Major Banks, Regulators Trial ‘Know Your Customer’ App on R3’s Corda

Muyao Shen
Jun 29, 2018 at 13:00 UTC
Updated Jun 29, 2018 at 21:17 UTC
news

A group of banks and regulators, including big names like BNP Paribas and Deutsche Bank, have conducted a trial of a know-your-customer (KYC) compliance application built upon R3’s Corda blockchain platform.

The 39 participants put the app – built by New York-based tech firm Synechron – through a four-day test using 45 nodes in Microsoft Azure, according to a press release. Ultimately, the group managed to conduct over 300 transactions in 19 countries across eight timezones.

The app’s self-sovereign design is aimed to allow firms’ customers to build and maintain their own identities, as well as enable them to approve or reject access requests from banks. When customers updated their data in the test, this was automatically updated for any banks with access permission.

R3 said in the statement:

“Traditional KYC processes are complex and often duplicative. This self-sovereign model allows corporate customers to create and manage their own identities including relevant documentation and then grant permission to multiple participants to access this data”

According to R3, this can lead to improved efficiency and lower costs at financial institutions by “eliminating the need for each institution to individually attest and update KYC records.” The model could also help avoid data privacy and security problems, since only parties with the need to see the data will have access to it, and only those with permission from the customer.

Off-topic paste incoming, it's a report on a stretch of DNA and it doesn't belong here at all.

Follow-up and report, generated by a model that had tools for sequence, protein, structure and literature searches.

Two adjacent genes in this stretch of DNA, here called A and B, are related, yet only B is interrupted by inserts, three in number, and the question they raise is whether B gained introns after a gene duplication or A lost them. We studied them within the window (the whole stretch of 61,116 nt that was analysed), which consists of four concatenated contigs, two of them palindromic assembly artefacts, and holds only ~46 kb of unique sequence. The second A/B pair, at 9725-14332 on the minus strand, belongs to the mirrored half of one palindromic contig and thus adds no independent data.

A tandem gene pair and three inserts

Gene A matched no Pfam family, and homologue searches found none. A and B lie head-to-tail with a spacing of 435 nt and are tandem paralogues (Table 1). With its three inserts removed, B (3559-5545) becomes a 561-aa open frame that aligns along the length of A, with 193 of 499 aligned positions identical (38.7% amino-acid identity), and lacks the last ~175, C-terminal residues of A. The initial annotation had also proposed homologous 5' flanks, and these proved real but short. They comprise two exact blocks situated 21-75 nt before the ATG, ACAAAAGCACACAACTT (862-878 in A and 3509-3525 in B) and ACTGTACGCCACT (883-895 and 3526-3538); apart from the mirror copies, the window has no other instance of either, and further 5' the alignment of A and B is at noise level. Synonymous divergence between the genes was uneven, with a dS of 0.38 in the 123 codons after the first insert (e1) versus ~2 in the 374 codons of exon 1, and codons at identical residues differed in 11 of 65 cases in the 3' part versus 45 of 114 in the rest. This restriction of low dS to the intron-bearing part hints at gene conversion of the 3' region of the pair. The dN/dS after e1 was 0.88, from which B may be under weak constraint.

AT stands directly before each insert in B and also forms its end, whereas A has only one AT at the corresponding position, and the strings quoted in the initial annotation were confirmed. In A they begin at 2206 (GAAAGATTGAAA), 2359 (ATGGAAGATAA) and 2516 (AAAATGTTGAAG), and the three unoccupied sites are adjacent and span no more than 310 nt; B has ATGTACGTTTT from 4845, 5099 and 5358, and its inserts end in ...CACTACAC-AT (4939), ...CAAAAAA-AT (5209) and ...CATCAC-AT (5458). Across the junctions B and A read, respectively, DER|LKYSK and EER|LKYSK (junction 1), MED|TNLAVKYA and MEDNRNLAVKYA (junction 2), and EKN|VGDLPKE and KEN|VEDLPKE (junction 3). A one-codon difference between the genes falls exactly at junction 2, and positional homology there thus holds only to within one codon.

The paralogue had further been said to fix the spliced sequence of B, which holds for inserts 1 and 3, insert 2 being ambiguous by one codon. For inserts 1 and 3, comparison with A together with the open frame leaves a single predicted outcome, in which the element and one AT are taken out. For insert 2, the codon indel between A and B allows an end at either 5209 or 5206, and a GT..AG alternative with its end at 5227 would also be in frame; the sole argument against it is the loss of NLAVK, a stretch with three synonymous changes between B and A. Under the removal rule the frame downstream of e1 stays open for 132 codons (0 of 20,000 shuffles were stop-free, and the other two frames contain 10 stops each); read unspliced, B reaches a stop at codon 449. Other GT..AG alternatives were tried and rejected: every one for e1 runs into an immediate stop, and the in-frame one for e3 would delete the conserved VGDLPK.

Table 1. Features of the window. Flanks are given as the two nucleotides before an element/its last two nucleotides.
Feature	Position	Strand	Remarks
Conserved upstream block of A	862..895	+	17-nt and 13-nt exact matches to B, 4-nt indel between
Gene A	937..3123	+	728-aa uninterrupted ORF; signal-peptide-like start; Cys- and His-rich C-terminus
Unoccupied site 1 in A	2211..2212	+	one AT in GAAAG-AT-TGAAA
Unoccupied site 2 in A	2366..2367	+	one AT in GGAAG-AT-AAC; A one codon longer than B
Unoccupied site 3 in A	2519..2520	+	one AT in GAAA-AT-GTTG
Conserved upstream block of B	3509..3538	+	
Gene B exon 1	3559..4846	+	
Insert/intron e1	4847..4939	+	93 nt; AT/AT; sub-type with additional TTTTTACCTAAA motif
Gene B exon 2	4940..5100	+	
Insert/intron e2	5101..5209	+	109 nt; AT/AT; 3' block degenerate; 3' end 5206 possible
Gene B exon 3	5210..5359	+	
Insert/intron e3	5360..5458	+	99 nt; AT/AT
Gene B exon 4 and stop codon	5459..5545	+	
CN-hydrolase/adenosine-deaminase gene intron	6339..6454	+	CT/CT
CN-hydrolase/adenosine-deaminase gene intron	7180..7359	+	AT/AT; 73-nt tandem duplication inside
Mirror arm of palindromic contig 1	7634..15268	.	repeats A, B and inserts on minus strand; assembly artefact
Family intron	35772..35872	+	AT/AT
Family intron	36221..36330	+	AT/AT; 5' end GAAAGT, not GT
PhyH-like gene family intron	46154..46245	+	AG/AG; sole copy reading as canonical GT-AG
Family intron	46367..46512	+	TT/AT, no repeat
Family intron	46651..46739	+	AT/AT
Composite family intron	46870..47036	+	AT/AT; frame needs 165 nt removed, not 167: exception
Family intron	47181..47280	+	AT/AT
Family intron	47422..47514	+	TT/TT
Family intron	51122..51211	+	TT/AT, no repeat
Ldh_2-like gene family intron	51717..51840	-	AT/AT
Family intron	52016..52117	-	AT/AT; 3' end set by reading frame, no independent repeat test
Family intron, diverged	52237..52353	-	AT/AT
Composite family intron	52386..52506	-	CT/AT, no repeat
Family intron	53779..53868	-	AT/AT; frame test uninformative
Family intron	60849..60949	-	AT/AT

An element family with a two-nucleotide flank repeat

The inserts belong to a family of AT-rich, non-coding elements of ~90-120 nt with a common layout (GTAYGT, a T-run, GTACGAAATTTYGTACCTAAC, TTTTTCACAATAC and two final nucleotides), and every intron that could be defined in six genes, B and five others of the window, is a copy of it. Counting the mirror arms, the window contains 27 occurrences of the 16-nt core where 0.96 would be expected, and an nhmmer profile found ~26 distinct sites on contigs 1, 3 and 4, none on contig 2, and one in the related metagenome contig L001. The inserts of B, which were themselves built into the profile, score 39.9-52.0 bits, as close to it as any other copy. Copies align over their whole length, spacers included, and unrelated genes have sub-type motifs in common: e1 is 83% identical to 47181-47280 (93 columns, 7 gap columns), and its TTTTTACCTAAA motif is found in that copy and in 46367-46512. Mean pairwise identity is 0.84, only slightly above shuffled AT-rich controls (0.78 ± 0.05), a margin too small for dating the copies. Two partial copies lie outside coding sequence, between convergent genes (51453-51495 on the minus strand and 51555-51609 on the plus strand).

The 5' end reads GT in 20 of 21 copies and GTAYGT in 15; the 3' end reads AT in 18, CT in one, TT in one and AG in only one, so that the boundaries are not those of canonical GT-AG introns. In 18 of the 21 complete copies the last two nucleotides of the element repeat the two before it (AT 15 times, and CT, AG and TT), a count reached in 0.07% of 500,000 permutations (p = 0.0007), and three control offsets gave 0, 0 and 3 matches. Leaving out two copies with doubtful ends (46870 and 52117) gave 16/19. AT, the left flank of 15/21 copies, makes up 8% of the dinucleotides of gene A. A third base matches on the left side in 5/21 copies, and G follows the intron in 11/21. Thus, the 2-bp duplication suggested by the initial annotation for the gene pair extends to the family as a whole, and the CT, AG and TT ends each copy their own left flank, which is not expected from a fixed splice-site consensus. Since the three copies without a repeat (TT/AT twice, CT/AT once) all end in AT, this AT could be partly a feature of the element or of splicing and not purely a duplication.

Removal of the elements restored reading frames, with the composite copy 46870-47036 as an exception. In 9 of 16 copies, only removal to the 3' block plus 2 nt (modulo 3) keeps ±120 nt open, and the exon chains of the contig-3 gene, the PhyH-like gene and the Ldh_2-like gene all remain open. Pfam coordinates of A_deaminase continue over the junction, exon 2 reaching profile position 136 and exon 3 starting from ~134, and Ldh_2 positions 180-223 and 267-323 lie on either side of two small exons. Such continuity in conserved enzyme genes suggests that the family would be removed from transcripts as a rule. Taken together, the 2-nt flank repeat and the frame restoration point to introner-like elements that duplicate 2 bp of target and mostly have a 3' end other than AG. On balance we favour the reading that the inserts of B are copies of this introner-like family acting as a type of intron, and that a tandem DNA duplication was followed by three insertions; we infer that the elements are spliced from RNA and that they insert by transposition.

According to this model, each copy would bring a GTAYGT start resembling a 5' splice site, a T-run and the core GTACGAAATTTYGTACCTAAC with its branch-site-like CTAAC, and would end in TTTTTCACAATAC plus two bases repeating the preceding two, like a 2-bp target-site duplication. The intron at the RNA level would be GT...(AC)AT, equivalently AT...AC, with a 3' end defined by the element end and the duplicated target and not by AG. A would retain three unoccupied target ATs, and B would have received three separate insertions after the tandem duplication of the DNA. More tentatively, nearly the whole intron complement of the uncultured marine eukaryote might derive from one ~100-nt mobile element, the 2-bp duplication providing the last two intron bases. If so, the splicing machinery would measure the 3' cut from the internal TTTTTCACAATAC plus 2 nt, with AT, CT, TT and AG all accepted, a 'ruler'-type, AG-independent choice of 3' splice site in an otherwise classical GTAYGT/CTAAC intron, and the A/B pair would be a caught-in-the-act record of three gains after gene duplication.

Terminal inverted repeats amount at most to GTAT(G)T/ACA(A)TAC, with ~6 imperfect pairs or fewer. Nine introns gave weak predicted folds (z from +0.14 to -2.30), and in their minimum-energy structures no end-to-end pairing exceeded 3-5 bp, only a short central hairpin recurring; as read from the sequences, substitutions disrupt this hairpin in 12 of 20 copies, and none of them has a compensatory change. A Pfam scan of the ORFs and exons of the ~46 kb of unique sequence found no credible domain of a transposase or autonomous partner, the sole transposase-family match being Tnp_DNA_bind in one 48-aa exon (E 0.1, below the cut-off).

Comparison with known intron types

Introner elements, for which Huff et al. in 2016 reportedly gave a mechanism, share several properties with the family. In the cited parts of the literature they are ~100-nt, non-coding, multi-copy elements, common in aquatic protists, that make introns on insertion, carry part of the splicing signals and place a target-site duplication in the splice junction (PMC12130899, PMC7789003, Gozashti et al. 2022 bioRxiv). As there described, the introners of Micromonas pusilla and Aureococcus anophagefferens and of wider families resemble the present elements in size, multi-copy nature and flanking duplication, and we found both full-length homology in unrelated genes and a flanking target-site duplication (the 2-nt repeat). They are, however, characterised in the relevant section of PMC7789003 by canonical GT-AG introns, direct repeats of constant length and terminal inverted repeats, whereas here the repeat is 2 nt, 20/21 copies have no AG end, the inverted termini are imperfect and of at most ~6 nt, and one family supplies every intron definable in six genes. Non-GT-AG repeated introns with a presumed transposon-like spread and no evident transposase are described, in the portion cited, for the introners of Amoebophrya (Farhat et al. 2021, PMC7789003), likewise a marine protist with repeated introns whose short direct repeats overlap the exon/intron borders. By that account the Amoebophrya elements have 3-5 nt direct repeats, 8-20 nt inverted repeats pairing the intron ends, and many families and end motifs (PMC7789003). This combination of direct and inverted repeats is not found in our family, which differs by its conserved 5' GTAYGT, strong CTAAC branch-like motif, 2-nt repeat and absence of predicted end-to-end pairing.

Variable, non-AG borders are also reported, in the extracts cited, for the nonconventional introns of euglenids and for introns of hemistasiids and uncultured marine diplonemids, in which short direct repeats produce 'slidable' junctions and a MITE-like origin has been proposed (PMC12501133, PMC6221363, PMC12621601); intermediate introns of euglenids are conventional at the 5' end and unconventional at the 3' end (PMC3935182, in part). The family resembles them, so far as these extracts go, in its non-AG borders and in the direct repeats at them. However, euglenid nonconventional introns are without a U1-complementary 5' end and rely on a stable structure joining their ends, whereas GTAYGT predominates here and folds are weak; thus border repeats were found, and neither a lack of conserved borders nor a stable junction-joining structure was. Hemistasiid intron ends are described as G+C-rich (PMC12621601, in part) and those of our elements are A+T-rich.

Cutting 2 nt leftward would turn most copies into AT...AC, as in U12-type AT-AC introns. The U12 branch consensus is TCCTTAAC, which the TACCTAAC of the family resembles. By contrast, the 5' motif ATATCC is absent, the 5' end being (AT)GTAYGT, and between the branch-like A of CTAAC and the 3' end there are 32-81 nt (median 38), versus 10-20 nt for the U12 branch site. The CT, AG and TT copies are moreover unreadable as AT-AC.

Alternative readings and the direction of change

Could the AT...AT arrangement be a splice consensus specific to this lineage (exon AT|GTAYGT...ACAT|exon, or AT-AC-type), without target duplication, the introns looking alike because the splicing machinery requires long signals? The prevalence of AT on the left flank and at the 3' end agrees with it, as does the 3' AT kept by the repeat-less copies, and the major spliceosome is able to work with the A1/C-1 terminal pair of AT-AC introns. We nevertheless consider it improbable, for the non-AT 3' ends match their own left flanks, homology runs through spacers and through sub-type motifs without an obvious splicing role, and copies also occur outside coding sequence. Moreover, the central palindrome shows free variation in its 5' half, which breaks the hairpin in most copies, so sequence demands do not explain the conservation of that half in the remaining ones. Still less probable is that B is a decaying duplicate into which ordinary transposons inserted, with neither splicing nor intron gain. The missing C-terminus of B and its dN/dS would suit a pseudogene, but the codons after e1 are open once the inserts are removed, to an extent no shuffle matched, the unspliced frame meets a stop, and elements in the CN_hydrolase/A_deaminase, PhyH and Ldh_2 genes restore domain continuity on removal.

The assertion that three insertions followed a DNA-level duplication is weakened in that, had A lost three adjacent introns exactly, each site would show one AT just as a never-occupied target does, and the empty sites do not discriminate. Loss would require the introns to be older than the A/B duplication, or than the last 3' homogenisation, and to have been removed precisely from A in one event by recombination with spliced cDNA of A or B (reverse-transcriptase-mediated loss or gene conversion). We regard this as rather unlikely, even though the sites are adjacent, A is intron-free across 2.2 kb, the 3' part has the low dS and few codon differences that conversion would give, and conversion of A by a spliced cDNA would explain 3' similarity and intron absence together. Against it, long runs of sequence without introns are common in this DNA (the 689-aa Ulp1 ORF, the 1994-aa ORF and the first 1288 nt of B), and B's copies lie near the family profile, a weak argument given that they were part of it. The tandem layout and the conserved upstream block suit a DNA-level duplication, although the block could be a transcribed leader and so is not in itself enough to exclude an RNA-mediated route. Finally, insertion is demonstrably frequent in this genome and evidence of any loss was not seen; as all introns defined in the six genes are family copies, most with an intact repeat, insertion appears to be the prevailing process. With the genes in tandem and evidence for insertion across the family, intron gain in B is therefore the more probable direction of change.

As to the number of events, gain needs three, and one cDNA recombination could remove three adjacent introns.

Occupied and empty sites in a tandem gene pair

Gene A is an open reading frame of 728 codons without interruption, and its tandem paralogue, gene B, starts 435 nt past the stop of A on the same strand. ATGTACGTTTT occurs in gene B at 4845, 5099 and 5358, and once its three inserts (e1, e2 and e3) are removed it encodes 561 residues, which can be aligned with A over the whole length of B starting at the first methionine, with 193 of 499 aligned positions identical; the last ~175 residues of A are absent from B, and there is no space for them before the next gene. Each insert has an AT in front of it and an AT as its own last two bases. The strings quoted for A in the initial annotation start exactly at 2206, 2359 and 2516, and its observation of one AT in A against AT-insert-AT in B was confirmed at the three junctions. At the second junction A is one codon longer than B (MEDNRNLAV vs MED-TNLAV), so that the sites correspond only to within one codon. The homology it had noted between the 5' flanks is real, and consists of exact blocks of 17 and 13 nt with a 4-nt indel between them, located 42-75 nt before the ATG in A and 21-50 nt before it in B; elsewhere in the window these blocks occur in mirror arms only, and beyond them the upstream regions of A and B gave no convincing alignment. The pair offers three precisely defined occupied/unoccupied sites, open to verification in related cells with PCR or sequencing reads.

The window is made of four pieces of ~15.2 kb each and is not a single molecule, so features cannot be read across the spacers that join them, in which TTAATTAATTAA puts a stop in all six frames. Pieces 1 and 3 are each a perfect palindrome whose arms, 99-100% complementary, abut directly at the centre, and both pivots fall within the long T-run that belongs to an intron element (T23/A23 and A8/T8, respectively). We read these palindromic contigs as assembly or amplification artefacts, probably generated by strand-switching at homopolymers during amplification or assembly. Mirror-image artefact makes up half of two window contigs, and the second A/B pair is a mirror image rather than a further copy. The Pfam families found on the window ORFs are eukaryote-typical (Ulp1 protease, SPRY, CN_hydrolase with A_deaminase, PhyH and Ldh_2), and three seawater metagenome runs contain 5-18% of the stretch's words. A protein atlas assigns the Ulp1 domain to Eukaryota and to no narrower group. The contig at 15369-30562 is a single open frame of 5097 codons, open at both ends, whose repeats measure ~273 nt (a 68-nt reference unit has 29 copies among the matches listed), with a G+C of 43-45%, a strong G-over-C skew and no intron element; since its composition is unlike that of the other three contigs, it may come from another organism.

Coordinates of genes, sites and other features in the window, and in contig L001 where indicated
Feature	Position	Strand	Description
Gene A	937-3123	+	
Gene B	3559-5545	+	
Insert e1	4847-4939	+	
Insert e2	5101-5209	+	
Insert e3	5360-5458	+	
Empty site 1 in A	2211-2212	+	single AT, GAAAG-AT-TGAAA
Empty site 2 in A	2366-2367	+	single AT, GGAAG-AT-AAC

“Not only does this project demonstrate how blockchain can allow institutions to retain control of and manage their own identity,” said David Rutter, CEO of R3, “but it also validates the design choices we made in our approach to privacy on Corda.”

Also involved in the trial were ABN AMRO, Societe Generale, China Merchants Bank, ING, Raiffeisen and many more. Meanwhile, the regulators and central banks participating included the Central Bank of Colombia, the Federal Reserve of Boston and the Superintendency of Banking and Insurance of Peru.

Passport and bank cards image via Shutterstock